Indoor Solar Power, Four AI Wars, DIY Movements, and Roundup #29
While anthrobots, biocement, and turquoise lights make the world better, let’s take a whiff from our aroma speakers, put on our autofocus eyeglasses, and enjoy some nowstalgia.
With CES now wrapped, we’ve all had our fill of new gizmos and gadgets. While the Roundup includes two things launched in Las Vegas last week, the rest of this issue remains free of CES-hyped-up launches.
Start with one big thing that pulls some retro technologies into our futures. Explore another roundup covering robots, science, and culture.
Then wrap with two (!) big things to watch for: a big scoop of perception on the four current “AI Stack Wars” and a second retro-view forming the future.
There is no counting required below; let’s dig in.
One Big Thing
Indoor Solar Power
Breaking free from batteries and plugs, a future of rechargeable gadgets comes into focus.
Remember those solar-powered calculators from your youth? The ones you could take out of your backpack, and it always “just worked?”
This article brought back those memories and got me wondering: why don’t I see those anymore? Why didn’t solar-powered gadgets catch on?
Turns out, those calculators were just the tip of a solar-powered iceberg that never quite broke the surface. Back then, indoor light was like a technological desert for solar cells, barely squeezing out enough juice to power a basic calculator, let alone our smartphone-hungry lives.
Well, the game has changed. A new generation of solar cells, known as a “dye-sensitized solar cell,” are lightweight, bendable, cheap to manufacture, and ready to revolutionize how we power our gadgets.
By mimicking photosynthesis in plants, these flexible sheets let headphones charge under a windowsill, keyboards ditch the cable forever, electronic door locks never need a battery change, and even remote controls come back to life after a quick sunbath.
Hopefully, soon, we will be taking our phones out of our pockets and not even looking at how much charge it has left.
There is more of The New New below. And there are more free issues coming. Get the next issue in your inbox by subscribing here:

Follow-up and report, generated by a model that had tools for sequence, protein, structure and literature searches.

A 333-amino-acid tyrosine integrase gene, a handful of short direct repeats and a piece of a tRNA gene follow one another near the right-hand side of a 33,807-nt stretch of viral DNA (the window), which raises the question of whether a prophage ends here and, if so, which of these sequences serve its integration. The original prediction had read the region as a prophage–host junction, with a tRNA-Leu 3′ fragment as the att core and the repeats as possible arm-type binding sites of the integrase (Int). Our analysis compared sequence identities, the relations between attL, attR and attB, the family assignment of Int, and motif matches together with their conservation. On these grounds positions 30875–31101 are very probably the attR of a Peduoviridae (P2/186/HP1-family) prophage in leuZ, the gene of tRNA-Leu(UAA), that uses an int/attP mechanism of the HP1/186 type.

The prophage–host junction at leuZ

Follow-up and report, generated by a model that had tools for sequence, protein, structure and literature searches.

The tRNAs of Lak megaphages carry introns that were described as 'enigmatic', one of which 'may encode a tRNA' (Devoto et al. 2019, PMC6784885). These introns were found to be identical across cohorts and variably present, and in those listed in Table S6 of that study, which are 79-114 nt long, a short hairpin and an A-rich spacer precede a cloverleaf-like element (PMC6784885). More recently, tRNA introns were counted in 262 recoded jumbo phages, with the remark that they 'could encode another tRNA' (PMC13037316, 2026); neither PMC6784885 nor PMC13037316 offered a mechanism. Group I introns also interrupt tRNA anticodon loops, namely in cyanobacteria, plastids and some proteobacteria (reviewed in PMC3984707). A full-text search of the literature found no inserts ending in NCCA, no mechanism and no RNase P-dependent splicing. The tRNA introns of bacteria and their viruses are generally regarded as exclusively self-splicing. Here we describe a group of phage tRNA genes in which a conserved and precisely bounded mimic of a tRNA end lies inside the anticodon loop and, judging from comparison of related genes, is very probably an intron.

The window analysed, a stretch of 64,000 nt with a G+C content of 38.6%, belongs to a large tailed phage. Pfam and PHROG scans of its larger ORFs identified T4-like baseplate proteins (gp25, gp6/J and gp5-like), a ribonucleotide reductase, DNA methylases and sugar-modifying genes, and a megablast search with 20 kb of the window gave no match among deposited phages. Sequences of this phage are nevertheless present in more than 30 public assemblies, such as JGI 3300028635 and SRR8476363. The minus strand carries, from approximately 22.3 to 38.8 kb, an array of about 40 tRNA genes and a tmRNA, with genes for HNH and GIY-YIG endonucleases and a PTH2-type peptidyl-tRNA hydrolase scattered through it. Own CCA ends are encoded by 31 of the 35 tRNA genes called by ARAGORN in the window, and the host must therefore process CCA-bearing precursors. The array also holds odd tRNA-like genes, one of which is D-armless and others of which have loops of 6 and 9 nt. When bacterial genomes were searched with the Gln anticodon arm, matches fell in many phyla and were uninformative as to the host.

Robots Making Things Safer
Robot Constitution, defines a set of “safety-focused prompts” for robots to avoid tasks that involve humans, animals, sharp objects, and electrical appliances
Turquoise Lights, signal to other road users and law enforcement that a vehicle is driving autonomously
Anthrobots, tiny robots made of human cells, could be used to clear arteries, break up mucus, and define a future of truly personalized medicine
Science Making Things Better
Biocement, bound with cyanobacteria, which is farmed like a tiny crop, flips cement from climate toxin to climate tonic
Pineapple Leather, using fruit peels from juice factories to up-cycle a leather alternative
Aroma Speakers, a “world’s first” speaker, makes video experiences more immersive with over 100 scents (including an SDK — a scent development kit)
Autofocus Eyeglasses, making it so we never have to use our eye muscles to shift focus (a great thing for those of us with older eyes)
Culture Making Things Weirder
Nowstalgia, marketing to a global monoculture that can be nostalgic over things from the very recent past
Buddymooning, going on your honeymoon not just with your spouse but with your mates, too
Cheapfakes, aka Shallowfakes, long before Gen AI and deepfakes, media would be edited to fit a narrative—and its use is growing
What To Watch For
The Four Wars of the AI Stack
As the AI Arms Race gets hotter, these are the conflicts shaping the future of intelligence.
The AI landscape is teeming with battles, not just in labs and research papers but in the very tools and infrastructure that power the technology.
This recent piece from Latent Space provided this scoop of perception on how the “Four Wars of the AI Stack” are shaping the future of intelligence, and their winners will define how we interact with AI in the years to come.
The Data War: It’s all about fuel, and the fight for it is fierce. OpenAI’s partnerships and the NYT’s lawsuit showcase this struggle, while synthetic data emerges as a new challenger.
Who will control the information that powers AI?